Learning a language is a challenging and rewarding process, be it your first foreign language or your tenth. It’s not by any means an instant satisfaction, but it will certainly last for many years; not to mention the benefit gained from the acquired skill will last a life time. Since mastering a language can take a long time with large commitment, it’s important to make it as enjoyable as possible. If you enjoy learning it, every word acquired will bring you joy and satisfaction.
The first step is to decide the purpose for learning the language. Having a clear understanding of what you want to gain from the language will help you develop realistic goals and expectation as you make progress.
Set Realistic Goals
As with any other skill, there exist two types of goals, long-term and short-term. For long-term goals, you need to decide what you want to do with a language and how far you’d like to pursue it. For example, if you are traveling for business in 10-weeks, you probably aren’t interested in acquiring full fluency in the language. Instead, you may prefer to gain basic knowledge of key situations you might encounter during travel. On the other hand, if you want to gain full fluency in the language equal to your native language, you should keep that in mind as you develop your daily approach to learning the language.
Long-term goals are very important, but long-term goals alone tend to be detrimental to your progress. It happens because with long-term goals only, you will quickly become discouraged without reaching those goals for a long time. In this respect, the short-term goals complement the long-term goals to help you make solid progress and stay motivated.
Learning languages is a two-step forward, one-step back process, so set short-term goals that will keep you excited about making progress. Without short-term goals, learning a language often feels like a moving backwards. A good example of setting short-term goals is choosing a topic goal for the week, such as learning the words and grammatic structures to introduce yourself. You can then develop a plan to reach the goal that fits your personal schedule. You could spend the first two days learning the vocabulary and the grammatical structures, then you could spend the next three days practicing. On the 6th day, you may consider writing a short 7-8 sentence journal entry introducing yourself. Finally, on the 7th day, you can practice it on someone who speaks the language (of course, if you have access to a native speaker, you can practice it every day for 7 days).
Choose Interesting and Relevant Material
If you are taking classes, you will be required to follow a textbook and the choice of words and material that it provides. Often, you will find that this material is not interesting or pertinent to what you want to learn. For this reason, it’s very important that you supplement that textbook material with what you actually enjoy. For example, if you enjoy music of the language you are studying, then you may want to learn vocabulary in your favorite song.
By choosing material you enjoy, you will also select real-world usage of the language. While classes can be very helpful for developing understanding of the language and how the grammar functions, but learning how to conjugate every single verb will not be so helpful because you will easily forget some of the obscure conjugations that you don’t practice. Learning relevant real-world material that interests you will help you remember the more complex topics you learn in class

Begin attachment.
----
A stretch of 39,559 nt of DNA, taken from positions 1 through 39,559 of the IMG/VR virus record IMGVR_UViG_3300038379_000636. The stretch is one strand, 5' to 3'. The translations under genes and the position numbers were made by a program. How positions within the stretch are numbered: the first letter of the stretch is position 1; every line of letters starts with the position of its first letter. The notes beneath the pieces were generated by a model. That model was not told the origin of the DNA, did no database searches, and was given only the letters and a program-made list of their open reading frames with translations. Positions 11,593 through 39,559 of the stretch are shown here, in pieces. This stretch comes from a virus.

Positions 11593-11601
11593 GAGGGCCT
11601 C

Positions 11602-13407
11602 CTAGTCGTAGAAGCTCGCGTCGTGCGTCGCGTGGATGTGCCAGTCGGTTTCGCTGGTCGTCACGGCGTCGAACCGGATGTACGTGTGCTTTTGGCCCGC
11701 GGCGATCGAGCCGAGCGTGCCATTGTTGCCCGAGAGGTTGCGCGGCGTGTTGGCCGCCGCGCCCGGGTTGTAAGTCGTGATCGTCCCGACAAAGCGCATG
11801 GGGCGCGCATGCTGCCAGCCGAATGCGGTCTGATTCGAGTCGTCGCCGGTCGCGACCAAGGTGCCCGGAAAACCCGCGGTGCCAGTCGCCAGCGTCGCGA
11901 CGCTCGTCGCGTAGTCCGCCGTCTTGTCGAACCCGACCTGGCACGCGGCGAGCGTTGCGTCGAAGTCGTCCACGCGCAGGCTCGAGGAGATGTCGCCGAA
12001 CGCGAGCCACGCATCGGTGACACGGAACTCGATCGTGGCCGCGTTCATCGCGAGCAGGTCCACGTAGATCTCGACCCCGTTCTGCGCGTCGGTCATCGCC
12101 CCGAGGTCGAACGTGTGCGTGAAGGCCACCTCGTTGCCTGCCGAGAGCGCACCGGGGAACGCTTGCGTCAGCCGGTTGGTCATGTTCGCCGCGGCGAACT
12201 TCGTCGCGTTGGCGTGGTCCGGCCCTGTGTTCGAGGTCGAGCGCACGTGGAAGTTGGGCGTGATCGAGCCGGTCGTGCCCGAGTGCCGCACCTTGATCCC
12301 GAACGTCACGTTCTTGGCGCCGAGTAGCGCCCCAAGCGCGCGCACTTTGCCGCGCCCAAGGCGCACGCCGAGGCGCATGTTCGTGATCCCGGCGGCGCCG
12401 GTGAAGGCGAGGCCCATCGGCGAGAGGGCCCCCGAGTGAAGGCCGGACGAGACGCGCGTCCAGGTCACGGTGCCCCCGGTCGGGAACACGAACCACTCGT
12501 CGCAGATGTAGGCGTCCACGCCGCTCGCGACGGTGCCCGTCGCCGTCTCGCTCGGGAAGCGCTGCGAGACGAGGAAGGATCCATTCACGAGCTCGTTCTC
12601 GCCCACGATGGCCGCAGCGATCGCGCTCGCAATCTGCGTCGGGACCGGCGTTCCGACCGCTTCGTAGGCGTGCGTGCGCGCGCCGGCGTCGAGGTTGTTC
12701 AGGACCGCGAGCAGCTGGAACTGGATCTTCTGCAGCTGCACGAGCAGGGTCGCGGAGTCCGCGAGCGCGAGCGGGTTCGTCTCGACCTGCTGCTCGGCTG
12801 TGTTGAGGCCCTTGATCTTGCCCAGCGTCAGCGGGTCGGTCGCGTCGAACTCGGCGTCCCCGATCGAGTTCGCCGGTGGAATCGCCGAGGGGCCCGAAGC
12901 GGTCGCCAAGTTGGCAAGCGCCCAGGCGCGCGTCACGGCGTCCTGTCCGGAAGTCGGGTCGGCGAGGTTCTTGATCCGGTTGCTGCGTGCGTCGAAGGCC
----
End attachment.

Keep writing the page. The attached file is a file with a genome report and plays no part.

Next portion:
Develop a Daily Routine
Developing a daily routine depends on your personal schedule and other time commitments. I find the best way is to develop a daily minimum and maximum. For example, let’s say you would like to learn 35 new words every week; you could decide to learn 5 words per day, but what if you skip one day? This can become quickly discouraging when you are not meeting your goal of 35 words per week. Instead, I recommend you set a daily minimum and a maximum. Let’s say every day you learn at least 2 words and no more than 8 words. This way, if you are busy one day, you can still reasonable learn a couple of words and then get caught up when you have more time without forcing yourself to study too much. Being flexible is important when learning a language.
Also, I highly recommend carrying with you a small notebook (maybe something pocket-sized?) where you can record any new words you hear or words you’d like to learn. For example, let’s say you are at a store buying a pack of gum and it hits you that you’d like to know how to say a pack of gum in the language you are learning. You tell yourself that you will look it up when you get home, but very likely you will forget you even had the thought within the next 20 minutes. For this, I recommend keeping a list of words you’d like to learn. This will keep you motivated because you will see progress relevant to your daily life. If you buy coffee every morning before work, you’ll be delighted to know that you could do the same thing when you travel.
Most of all, remember to spend at least some time reviewing every single day no matter how busy you are. You can play an audio CD on the way to work, review your words from last night during your coffee break, or maybe practice your new words on co-workers who speak the language. Every bit of review puts you that much closer to reaching your short-term goals, which in turn help you reach the long-term goals.
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